Medical Blogs

March 3, 2007

Statement On The Passing Of Congressman Charlie Norwood (R-GA), By John Kirkwood, American Lung Association President & CEO

The American Lung Association's volunteers and staff wish to express our deepest condolences to family of U.S. Congressman Charlie Norwood, DDS (R-GA), who died today after a long battle with idiopathic pulmonary fibrosis and lung cancer. A long-time champion for all patients, Representative Norwood inspired lung disease patients across the country when he returned to Congress following his lung transplant in 2004. American Lung Association staff and volunteers fondly remember Representative Norwood's keynote speech to our national conference in May 2002.

Idiopathic pulmonary fibrosis is a form of interstitial lung disease. When a person has idiopathic pulmonary fibrosis, the lung is affected in three ways. First, the lung tissue is damaged in some known or unknown way. Second, the walls of the air sacs in the lung become inflamed. Finally, scarring (or fibrosis) begins in the interstitium (or tissue between the air sacs), and the lung becomes stiff. The American Lung Association supports an array of research into the basic cellular and molecular processes that underlie the inflammatory response in the lungs that precedes pulmonary fibrosis. Our researchers are also examining new ways to prevent the lung scarring that follows this type of inflammation and are looking for new treatments for lungs damaged excess scar tissue formation.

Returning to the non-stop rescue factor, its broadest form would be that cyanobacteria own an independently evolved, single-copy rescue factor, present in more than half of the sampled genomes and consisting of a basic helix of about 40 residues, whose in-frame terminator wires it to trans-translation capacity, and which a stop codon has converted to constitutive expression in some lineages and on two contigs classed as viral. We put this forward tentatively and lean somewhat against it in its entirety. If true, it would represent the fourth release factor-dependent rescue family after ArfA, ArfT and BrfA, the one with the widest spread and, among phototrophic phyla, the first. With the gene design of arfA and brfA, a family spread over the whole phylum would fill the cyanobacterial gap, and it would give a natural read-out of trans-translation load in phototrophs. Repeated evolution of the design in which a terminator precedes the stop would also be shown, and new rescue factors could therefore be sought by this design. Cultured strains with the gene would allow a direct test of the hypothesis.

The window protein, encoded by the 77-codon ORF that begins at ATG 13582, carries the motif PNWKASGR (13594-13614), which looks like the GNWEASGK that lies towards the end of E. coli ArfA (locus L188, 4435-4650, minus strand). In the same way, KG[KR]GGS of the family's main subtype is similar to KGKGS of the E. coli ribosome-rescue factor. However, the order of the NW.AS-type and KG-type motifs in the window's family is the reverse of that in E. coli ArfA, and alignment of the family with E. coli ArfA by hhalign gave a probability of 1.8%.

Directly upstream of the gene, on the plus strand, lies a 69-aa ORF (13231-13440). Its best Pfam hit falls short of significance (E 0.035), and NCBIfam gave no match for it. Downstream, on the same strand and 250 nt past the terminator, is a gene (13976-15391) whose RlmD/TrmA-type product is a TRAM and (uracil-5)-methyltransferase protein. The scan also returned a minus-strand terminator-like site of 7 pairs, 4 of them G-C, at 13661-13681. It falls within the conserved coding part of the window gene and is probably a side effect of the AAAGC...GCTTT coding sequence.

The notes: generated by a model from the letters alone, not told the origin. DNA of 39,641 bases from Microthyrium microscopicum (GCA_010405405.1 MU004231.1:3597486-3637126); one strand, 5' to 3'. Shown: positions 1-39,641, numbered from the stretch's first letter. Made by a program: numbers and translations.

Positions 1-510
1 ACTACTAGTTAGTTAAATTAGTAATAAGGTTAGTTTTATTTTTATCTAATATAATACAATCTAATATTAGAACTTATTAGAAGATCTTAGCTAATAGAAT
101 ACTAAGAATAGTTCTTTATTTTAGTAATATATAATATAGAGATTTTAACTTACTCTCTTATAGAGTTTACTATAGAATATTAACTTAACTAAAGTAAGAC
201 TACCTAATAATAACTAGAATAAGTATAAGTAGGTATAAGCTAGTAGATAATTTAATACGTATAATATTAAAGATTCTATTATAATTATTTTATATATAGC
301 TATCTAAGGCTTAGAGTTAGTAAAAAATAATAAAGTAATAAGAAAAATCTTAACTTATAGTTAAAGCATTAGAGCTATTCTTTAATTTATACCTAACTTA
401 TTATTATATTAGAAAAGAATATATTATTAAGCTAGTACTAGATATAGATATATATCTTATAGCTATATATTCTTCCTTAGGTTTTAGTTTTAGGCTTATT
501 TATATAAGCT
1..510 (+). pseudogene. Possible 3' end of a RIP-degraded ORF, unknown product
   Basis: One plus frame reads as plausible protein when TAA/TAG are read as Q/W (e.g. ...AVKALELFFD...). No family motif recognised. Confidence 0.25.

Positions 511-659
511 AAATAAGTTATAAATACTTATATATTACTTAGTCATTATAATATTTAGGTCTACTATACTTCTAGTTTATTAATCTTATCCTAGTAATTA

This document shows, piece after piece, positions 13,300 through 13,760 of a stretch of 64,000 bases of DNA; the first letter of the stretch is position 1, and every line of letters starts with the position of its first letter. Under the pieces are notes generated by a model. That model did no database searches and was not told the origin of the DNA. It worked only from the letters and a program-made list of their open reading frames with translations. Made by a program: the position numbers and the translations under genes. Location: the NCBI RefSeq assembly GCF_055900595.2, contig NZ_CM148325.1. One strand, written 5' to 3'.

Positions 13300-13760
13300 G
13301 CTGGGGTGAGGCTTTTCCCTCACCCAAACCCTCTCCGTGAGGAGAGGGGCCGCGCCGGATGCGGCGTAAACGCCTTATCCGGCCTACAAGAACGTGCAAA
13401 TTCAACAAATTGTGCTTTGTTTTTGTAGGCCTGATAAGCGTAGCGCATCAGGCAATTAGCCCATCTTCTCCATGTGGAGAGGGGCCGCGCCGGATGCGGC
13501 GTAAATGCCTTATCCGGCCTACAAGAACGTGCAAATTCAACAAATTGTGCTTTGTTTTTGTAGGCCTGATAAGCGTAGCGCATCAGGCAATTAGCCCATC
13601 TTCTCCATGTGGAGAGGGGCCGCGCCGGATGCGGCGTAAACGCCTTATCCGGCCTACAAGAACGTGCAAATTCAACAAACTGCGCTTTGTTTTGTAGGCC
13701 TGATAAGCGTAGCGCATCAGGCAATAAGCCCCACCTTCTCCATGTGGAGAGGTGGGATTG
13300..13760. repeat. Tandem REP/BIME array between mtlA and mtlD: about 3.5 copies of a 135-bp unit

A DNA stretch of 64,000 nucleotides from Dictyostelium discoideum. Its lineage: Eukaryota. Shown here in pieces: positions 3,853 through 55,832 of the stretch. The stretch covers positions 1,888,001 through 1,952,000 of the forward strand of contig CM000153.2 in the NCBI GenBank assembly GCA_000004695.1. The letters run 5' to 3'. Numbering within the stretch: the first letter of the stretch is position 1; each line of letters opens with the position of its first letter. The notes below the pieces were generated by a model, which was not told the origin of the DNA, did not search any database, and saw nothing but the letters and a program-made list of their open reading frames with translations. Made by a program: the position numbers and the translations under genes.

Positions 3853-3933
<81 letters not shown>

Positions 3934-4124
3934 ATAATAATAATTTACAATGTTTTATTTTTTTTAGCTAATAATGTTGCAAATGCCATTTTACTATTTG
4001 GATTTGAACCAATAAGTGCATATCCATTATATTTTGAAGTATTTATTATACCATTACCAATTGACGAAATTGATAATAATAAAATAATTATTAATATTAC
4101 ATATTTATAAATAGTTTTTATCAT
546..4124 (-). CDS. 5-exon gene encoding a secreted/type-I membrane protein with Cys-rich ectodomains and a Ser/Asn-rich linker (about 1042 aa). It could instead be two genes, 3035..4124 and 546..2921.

Lung cancer is the number one cancer killer in the U.S., and the American Lung Association is committed to funding vital research to help fight this devastating disease including our Lung Cancer Discovery Award which is specifically directed at developing improved treatments. Lung cancer may also be the most tragic cancer because in most cases, it might have been prevented. Nearly 90 percent of lung cancer cases are caused by smoking. The more time and amount you smoke, the greater your risk of lung cancer. But if you stop smoking, the risk of lung cancer decreases each year as normal cells replace abnormal cells.

About the American Lung Association

Beginning our second century, the American Lung Association is the leading organization working to prevent lung disease and promote lung health. Lung disease death rates continue to increase while other leading causes of death have declined. The American Lung Association funds vital research on the causes of and treatments for lung disease. With the generous support of the public, the American Lung Association is "Improving life, one breath at a time." For more information about the American Lung Association or to support the work it does, call 1-800-LUNG-USA ( 1-800-586-4872) or log on to

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